This killing couldn’t have come at a more volatile time for Waters. Waters was roughly two years into her first term in the California State Assembly, representing a South Los Angeles community where poverty rates were high, and stories of police abuse were constant.
Nearly 40 years later, Waters is still fighting. It’s at the sunset of her time in elected office that her star is shining brightest. She tells the world to “stay woke” and has been lovingly dubbed “Auntie Maxine” by her legions of diehard black female fans. But most importantly, she’s been one of President Donald Trump’s fiercest critics, relentlessly calling for his impeachment. She’s “out to get him,” and Trump opponents continue to hail the congresswoman as an icon of anti-Trump resistance.
In recent news headlines, I’ve seen her stand tall against President Trump and his allies by essentially trying to do what is right for the every day man and woman.
In looking at her track record, throughout her nearly 40 years of public service, Maxine Waters has been on the cutting edge, tackling difficult and often controversial issues and has been an advocate for international peace, justice, and human rights. She has combined her strong legislative and public policy acumen and high visibility in Democratic Party activities with an unusual ability to do grassroots organizing.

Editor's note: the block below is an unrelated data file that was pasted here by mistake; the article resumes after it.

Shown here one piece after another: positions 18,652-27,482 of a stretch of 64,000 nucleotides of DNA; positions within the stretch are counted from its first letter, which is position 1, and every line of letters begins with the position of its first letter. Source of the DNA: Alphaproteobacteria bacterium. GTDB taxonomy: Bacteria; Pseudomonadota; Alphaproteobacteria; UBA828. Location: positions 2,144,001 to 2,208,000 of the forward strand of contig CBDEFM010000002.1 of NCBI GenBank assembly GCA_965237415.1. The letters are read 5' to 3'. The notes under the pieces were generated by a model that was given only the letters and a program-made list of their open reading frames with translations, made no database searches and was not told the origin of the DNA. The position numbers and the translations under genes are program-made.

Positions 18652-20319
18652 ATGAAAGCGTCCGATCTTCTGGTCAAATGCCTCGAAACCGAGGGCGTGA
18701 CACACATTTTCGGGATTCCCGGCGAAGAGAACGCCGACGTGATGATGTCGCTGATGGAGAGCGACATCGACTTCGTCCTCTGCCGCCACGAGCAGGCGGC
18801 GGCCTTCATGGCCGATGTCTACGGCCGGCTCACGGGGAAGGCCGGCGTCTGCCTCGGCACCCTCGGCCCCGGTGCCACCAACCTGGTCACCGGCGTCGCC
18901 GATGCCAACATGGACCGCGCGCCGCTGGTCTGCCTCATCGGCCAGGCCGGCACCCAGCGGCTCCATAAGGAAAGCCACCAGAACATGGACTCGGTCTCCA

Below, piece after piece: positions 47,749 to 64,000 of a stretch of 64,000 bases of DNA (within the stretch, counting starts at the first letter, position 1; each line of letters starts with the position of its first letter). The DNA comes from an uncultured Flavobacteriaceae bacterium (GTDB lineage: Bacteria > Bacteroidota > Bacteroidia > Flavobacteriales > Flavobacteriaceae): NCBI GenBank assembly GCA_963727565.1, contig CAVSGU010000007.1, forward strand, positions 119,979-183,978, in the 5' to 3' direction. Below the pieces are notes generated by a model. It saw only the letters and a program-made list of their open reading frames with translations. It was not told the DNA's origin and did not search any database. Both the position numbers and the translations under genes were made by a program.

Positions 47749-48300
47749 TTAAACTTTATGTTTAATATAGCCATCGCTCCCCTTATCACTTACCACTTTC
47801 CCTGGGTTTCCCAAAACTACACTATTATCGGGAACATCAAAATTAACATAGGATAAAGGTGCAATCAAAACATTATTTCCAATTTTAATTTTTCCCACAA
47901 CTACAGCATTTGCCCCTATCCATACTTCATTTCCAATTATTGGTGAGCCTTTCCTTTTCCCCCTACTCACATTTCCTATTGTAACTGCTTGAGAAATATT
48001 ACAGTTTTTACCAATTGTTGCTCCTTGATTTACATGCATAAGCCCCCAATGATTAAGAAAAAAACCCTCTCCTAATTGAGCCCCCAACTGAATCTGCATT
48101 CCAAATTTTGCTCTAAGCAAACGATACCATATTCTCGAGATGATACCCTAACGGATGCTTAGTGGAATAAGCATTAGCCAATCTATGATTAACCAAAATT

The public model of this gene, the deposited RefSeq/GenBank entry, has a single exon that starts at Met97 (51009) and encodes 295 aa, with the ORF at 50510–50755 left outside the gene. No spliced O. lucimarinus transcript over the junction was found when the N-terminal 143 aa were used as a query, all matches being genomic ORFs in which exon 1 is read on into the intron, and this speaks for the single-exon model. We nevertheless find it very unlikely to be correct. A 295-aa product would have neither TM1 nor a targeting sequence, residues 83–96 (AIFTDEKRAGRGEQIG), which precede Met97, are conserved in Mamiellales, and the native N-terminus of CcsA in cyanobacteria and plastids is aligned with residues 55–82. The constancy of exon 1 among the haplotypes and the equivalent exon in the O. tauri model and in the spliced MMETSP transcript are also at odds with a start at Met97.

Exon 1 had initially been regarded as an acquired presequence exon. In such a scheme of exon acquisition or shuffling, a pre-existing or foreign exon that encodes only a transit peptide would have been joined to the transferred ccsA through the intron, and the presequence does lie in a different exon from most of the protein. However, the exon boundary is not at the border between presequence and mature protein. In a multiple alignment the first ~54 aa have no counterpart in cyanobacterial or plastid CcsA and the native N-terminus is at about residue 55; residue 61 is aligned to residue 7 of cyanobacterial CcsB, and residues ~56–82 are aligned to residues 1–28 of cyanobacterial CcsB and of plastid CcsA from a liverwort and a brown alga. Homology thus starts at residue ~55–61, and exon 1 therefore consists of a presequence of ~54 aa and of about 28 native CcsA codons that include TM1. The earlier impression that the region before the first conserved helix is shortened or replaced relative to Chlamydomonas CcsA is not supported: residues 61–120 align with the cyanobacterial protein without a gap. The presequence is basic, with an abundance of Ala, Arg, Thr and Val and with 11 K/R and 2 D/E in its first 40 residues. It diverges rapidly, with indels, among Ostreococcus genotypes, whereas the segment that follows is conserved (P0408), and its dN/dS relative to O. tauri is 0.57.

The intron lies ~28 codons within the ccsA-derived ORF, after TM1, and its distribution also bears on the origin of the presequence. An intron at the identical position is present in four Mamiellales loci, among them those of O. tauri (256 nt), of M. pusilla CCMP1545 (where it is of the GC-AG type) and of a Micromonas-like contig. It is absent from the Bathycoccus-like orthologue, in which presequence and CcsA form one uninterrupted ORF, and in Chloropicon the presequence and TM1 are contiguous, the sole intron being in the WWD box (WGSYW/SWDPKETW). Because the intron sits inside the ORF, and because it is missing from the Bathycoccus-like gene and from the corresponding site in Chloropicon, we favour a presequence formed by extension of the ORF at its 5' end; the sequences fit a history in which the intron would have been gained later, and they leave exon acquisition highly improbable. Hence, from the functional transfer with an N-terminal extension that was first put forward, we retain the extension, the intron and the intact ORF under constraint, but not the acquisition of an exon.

Waters was born 1938 in Kinloch, Missouri, the daughter of Velma Lee (née Moore) and Remus Carr. Fifth out of thirteen children, Waters was raised by her single mother once her father left the family when Maxine was two. She graduated from Vashon High School in St. Louis, and moved with her family to Los Angeles, California, in 1961. She worked in a garment factory and as a telephone operator before being hired as an assistant teacher with the Head Start program at Watts in 1966. She later enrolled at Los Angeles State College (now California State University, Los Angeles) and graduated with a sociology degree in 1970.
In 1973, she went to work as chief deputy to City Councilman David S. Cunningham, Jr.. Waters entered the California State Assembly in 1976. While in the assembly she worked for the divestment of state pension funds from any businesses active in South Africa, a country then operating under the policy of apartheid, and helped pass legislation within the guidelines of the divestment campaign’s Sullivan Principles.